Advantage to Six-Hour Work Day


You’re working too much. 

An experiment conducted in Sweden that monitored nurses on reduced six-hour workday shifts finds they were not only happier, and healthier, they were equally as productive, a result that does not come as a surprise to Texas business guru Dr. Daren Martin.  The consultant known as The Culture Architect has been crunching numbers supporting the notion that longer hours don’t necessarily lead to increased workflow.  “The science and research is backing up that shorter spurts of intense work actually produces better results than people working long, long hours,” Martin tells KTRH News.

The 23-month Swedish study was conducted at an elderly care facility.  Working a traditional eight-hour day, one in five nurses said they had energy left over after work.  The number shot up to more than half when their hours were shortened to six per day.  The facility was pleased because their staff had fewer sick days to cover.  Management was pleased that all the work got done and that staff retention sky-rocketed, reducing expenses for future staff replacement.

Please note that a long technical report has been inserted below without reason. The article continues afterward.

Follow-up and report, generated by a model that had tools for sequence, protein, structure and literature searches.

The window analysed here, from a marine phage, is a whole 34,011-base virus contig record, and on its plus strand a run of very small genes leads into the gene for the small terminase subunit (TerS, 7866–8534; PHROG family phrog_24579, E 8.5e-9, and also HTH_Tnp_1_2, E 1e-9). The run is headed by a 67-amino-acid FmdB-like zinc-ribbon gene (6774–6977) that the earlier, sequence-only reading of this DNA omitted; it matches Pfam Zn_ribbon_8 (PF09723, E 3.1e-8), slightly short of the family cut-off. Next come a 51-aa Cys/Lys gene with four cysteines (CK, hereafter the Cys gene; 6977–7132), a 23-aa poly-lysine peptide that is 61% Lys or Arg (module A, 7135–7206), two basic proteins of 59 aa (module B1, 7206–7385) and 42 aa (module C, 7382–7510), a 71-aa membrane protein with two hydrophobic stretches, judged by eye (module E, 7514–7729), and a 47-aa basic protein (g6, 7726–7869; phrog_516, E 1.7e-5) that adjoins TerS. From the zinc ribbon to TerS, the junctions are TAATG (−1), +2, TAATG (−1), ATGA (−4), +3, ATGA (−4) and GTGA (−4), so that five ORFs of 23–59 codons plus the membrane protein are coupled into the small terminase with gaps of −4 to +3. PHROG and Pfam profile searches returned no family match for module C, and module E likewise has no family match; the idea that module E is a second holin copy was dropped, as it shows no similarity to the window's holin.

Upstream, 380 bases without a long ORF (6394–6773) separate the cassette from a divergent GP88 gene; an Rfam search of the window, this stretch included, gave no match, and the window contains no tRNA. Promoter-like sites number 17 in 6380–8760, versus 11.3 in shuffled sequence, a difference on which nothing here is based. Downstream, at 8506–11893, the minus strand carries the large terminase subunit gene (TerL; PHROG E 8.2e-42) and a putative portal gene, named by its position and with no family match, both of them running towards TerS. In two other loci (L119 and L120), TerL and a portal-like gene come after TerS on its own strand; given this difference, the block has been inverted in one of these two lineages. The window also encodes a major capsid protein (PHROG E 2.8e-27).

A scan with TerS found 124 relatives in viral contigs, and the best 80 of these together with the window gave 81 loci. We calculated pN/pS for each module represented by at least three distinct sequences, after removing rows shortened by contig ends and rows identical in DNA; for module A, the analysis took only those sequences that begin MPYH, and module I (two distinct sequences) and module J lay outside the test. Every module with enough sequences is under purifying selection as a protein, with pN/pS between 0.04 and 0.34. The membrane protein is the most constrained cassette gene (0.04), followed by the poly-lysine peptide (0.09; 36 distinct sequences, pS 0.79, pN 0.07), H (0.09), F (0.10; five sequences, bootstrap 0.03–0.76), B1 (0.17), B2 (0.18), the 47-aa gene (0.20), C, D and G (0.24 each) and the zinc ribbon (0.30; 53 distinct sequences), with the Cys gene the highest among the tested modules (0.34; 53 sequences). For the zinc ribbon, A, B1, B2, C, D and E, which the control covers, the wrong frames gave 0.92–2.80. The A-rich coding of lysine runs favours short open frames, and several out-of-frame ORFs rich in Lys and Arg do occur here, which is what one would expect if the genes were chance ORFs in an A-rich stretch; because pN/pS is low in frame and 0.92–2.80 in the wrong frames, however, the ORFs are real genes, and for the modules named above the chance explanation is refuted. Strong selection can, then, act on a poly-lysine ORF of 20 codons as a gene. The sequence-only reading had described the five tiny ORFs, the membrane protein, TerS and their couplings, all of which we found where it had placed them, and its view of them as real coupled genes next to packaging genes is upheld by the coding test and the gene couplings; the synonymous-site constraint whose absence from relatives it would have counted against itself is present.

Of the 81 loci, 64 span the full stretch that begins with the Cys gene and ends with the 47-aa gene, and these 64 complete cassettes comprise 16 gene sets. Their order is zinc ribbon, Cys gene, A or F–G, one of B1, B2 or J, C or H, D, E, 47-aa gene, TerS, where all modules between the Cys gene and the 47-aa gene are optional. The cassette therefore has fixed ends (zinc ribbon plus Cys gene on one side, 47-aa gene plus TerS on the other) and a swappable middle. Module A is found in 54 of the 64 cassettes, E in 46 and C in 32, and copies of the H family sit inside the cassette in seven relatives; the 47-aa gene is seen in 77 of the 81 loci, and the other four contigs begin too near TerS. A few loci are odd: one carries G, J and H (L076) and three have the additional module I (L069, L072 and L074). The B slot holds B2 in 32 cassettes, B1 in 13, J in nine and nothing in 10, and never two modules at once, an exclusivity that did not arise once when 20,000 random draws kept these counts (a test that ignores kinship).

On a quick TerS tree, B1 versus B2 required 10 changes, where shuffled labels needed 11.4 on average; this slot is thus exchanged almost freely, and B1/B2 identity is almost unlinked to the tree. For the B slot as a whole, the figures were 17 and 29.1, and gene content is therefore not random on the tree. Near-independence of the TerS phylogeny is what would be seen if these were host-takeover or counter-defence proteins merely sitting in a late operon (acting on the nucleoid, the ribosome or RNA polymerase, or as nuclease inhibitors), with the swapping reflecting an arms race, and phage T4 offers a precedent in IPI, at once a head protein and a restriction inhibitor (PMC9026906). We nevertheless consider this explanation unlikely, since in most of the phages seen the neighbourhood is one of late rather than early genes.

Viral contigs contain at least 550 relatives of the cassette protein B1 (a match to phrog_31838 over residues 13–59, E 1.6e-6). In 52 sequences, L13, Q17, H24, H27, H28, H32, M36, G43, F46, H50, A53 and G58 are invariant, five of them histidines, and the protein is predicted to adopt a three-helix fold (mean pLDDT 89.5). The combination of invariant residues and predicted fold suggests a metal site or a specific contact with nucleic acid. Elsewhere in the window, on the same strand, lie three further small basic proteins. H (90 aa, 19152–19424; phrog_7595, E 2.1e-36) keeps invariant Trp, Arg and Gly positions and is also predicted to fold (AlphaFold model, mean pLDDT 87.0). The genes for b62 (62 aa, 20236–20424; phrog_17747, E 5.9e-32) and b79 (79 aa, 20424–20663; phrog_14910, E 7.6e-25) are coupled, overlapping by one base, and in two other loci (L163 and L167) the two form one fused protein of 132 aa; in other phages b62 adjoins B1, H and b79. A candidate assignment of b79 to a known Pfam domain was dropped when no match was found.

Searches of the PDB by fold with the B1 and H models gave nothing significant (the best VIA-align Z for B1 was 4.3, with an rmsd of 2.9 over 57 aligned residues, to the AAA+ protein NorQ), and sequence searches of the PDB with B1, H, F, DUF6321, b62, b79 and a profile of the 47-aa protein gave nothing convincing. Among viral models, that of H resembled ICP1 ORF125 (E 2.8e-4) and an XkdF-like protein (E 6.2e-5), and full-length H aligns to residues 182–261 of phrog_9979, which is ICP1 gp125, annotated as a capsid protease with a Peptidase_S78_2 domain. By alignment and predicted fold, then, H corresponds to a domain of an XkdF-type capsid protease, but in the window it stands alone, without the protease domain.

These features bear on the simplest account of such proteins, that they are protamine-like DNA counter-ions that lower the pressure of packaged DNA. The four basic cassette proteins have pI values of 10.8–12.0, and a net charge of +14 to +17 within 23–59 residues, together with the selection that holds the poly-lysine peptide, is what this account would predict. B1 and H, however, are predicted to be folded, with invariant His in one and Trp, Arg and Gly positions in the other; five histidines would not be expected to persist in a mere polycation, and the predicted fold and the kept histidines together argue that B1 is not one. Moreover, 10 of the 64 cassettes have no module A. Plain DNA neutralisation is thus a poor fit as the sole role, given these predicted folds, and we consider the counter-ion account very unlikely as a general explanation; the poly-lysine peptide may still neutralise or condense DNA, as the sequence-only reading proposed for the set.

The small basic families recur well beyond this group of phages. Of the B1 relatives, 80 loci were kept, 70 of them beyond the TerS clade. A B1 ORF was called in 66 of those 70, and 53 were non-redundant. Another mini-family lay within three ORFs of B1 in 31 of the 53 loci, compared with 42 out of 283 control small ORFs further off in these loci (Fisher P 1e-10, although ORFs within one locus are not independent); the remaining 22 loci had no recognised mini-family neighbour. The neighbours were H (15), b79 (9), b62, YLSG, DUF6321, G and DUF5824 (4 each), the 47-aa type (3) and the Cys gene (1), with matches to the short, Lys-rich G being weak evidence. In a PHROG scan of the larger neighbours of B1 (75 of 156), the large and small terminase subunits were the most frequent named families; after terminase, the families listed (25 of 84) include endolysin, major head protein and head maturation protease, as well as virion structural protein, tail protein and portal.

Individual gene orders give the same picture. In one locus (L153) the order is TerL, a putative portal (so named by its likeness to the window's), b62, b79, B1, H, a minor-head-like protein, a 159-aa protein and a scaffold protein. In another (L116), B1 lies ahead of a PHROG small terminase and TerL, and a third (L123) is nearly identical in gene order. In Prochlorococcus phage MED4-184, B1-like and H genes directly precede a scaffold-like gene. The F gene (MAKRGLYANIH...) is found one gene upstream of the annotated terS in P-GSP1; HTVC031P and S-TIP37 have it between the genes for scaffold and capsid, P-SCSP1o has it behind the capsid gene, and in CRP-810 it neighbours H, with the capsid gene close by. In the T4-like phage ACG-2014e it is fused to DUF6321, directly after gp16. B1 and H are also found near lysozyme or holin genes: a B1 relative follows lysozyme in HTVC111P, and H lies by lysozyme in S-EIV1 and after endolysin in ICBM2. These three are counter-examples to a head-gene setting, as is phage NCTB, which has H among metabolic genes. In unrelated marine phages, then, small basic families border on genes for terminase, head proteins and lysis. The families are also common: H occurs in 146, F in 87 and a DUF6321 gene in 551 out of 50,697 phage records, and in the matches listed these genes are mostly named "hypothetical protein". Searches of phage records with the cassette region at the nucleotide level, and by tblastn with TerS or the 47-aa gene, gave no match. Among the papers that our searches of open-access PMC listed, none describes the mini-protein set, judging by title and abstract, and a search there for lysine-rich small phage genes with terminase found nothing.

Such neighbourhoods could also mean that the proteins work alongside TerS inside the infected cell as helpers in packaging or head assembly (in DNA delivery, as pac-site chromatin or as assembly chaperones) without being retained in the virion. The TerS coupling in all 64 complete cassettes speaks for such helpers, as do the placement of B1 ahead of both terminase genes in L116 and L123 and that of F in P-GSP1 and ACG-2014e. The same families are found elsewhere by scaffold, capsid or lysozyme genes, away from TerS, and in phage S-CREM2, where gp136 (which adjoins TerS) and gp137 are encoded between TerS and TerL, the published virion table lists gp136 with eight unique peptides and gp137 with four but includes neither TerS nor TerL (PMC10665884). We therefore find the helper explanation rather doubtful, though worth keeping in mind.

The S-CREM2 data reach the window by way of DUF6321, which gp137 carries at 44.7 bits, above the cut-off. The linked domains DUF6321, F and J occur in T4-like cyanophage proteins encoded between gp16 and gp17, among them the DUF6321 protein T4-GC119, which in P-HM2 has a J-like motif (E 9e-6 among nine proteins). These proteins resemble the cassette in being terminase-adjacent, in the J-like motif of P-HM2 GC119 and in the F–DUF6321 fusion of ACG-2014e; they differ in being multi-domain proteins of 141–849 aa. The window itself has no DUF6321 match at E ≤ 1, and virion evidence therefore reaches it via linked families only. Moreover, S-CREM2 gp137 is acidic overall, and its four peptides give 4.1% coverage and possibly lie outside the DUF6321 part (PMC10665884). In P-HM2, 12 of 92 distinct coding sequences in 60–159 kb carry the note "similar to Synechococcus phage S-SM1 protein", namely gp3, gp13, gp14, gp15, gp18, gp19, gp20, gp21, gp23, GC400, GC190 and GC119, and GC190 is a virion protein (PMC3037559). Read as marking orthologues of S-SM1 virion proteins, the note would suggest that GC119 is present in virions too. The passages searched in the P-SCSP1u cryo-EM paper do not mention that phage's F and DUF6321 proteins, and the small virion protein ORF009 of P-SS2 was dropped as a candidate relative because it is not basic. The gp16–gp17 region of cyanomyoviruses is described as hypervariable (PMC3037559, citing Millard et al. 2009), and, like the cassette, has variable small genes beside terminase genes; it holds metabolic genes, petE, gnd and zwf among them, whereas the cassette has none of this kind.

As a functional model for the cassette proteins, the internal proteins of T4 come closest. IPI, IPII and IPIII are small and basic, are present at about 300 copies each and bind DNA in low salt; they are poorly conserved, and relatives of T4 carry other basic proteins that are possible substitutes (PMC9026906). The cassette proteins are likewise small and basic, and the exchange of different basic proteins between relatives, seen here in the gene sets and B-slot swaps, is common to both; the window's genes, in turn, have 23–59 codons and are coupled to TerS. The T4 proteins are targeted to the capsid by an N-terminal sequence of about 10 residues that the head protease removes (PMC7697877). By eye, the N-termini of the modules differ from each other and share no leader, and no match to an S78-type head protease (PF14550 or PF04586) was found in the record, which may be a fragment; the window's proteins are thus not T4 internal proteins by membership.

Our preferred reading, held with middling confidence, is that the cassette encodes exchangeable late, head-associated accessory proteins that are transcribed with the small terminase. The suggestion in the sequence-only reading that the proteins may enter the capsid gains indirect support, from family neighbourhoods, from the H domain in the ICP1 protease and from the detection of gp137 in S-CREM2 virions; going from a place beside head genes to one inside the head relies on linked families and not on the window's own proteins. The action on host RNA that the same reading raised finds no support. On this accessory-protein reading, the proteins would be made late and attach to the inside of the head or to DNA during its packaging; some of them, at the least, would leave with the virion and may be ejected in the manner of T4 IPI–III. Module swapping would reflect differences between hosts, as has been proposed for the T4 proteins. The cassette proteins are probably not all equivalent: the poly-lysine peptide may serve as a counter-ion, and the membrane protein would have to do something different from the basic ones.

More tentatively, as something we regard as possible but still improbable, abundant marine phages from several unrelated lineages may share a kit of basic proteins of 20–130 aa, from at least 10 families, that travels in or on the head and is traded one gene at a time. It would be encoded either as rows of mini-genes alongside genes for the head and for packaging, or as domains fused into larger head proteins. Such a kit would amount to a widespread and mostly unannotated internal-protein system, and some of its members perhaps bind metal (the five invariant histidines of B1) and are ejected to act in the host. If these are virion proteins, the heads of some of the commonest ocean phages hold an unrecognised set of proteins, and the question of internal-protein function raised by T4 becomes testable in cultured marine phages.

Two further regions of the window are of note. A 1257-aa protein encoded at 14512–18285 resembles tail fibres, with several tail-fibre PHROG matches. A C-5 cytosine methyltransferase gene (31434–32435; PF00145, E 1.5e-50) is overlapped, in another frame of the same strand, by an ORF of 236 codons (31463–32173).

No one in the U.S. 40-hour, five-day work-week is seeing those type of results.  “People are working longer hours but being much less productive,” observed Dr. Martin.  At a recent seminar he explained to participants that the typical American cultural workplace habit of leaving vacation days on the table doesn’t benefit workers or management, and suggests perhaps we could learn more from studying the habits of successful artists and athletes who have a daily routine of intense practice punctuated by breaks and followed by a lengthy period of recuperation. Maybe we could benefit by following cultures who integrate rest periods, or naps, in their days.

The Swedish study concluded the six-hour nurses overall were more active, less sick, less stressed and had less back and neck pain than nurses working eight-hour shifts.  Could that be a bad thing?!? 


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